Thank you. I've seen lots of bills getting referred to committees, but I've never before seen a bill get referred without the CR noting to where or to whom it was referred. Couldn't check anything but the index for lack of time. Nyttend (talk) 17:36, 14 February 2012 (UTC) I'm the original poster; didn't feel like signing into the public computer just to post this question.
See page 6 of this brochure published by the court for more information on congressional referrals. Basically, these are situations when someone is seeking compensation from the Government for something-or-other, but it's not compensation the person is legally entitled to; Congress would have to specially provide for it. But Congress doesn't want to decide whether the person has a just grievance or not; it wants an independent decision-maker to investigate the case and make a recommendation. An Article III court would not have jurisdiction to give an advisory opinion of this nature, but since the Court of Federal Claims is an "Article I courtm," it can. This referral practice has been around for quite along time, though my sense is it's much less common than it used to be. Newyorkbrad (talk) 19:49, 14 February 2012 (UTC)

Best book on the origins of human morality[edit]

What is the best book that traces the evolution of morality from our animal ancestors to our current human society? Are there any books that study animal morality and have sections that describe how this relates to humans? --Ghostexorcist (talk) 16:28, 14 February 2012 (UTC)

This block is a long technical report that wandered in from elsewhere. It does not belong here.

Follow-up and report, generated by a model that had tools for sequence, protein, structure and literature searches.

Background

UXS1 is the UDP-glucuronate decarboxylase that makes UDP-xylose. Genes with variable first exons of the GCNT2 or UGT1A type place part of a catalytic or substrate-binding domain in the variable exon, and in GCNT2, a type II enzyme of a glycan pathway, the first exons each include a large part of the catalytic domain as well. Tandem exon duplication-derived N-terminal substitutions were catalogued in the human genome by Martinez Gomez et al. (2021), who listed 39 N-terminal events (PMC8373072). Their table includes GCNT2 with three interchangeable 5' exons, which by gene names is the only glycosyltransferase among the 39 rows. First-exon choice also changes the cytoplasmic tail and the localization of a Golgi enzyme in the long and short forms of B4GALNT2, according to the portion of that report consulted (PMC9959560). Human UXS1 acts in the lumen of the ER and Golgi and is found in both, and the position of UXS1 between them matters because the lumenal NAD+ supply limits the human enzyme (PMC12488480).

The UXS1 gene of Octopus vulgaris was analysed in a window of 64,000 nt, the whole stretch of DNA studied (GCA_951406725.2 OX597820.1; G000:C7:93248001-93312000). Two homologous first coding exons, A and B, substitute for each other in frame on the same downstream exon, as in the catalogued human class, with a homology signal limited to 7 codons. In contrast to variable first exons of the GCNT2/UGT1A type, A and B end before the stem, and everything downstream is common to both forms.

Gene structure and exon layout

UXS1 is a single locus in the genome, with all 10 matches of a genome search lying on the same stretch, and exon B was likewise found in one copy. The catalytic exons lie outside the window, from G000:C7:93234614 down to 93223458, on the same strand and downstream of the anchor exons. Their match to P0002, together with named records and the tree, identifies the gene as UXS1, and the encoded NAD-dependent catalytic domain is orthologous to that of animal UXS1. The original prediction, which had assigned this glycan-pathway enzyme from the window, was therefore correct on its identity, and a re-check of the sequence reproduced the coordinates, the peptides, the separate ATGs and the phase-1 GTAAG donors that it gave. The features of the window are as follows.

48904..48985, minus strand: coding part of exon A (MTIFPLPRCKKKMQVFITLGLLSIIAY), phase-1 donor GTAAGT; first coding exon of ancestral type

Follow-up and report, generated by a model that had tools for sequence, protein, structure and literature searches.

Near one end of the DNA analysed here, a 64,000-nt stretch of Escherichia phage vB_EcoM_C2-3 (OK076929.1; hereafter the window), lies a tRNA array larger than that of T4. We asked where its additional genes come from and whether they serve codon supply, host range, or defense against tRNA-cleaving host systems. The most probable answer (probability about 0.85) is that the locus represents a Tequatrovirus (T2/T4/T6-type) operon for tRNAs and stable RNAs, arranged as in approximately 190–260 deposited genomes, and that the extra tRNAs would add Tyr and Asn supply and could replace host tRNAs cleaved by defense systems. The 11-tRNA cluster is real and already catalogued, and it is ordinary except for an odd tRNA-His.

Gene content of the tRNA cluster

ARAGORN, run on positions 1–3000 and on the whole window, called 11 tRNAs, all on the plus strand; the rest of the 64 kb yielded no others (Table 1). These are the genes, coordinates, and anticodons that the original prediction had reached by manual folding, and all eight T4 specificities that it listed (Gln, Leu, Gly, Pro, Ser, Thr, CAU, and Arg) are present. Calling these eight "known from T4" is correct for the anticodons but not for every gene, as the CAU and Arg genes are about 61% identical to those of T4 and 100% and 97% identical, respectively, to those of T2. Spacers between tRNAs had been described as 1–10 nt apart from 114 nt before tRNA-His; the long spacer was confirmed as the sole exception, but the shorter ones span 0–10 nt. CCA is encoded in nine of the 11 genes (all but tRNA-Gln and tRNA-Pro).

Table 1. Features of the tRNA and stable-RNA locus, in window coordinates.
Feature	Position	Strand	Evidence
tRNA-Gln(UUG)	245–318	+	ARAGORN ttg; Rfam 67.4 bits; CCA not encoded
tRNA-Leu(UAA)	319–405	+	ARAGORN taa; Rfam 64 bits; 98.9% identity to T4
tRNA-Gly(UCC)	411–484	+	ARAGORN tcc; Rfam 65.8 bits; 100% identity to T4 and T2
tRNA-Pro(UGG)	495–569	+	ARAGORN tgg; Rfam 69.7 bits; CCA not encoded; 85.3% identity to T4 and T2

The articles on Evolution of morality and Altruism in animals have some sources, including The Origins of Virtue by Matt Ridley, who seems to have written several books on similar topics. Ghmyrtle (talk) 16:53, 14 February 2012 (UTC)
Hello. For some early speculation see David Hume at, for example, T 2.1.12, 3.1.1 (paragraph 25) (there's other places, but I'm lazy). See [3] for an example secondary literature. --Atethnekos (DiscussionContributions) 17:38, 15 February 2012 (UTC)

What if... ? (USA Civil war)[edit]

I propose a question of Counterfactual history. What if the Confederated States won the American Civil War. How would the later history of the US (and perhaps the world) be different? Cambalachero (talk) 16:41, 14 February 2012 (UTC)

Please see the remit for this page, stated at the top. You're asking us to speculate, which is not what this page is for. --Dweller (talk) 16:46, 14 February 2012 (UTC)
Indeed: "The reference desk does not answer requests for opinions ... Do not start a debate; please seek an internet forum instead." But surely there are counterfactual history texts on this subject? It cannot be new ground. --Tagishsimon (talk) 16:47, 14 February 2012 (UTC)
Harry Turtledove is a popular writer of alternate histories; his Southern Victory Series postulates that McClellan never comes into possession of Lee's general orders prior to the Battle of Antietam, resulting in successful secession, and he builds from there. Things get increasingly speculative as he moves into the 20th century (the butterfly effect, great man theory, and all that), but the early premises are reasonable. It's one path, anyway. — Lomn 17:18, 14 February 2012 (UTC)
That Turtledove series got bogged down considerably, consider his The Guns of the South. There are other examples, but I consider that one the best.--Wehwalt (talk) 17:35, 14 February 2012 (UTC)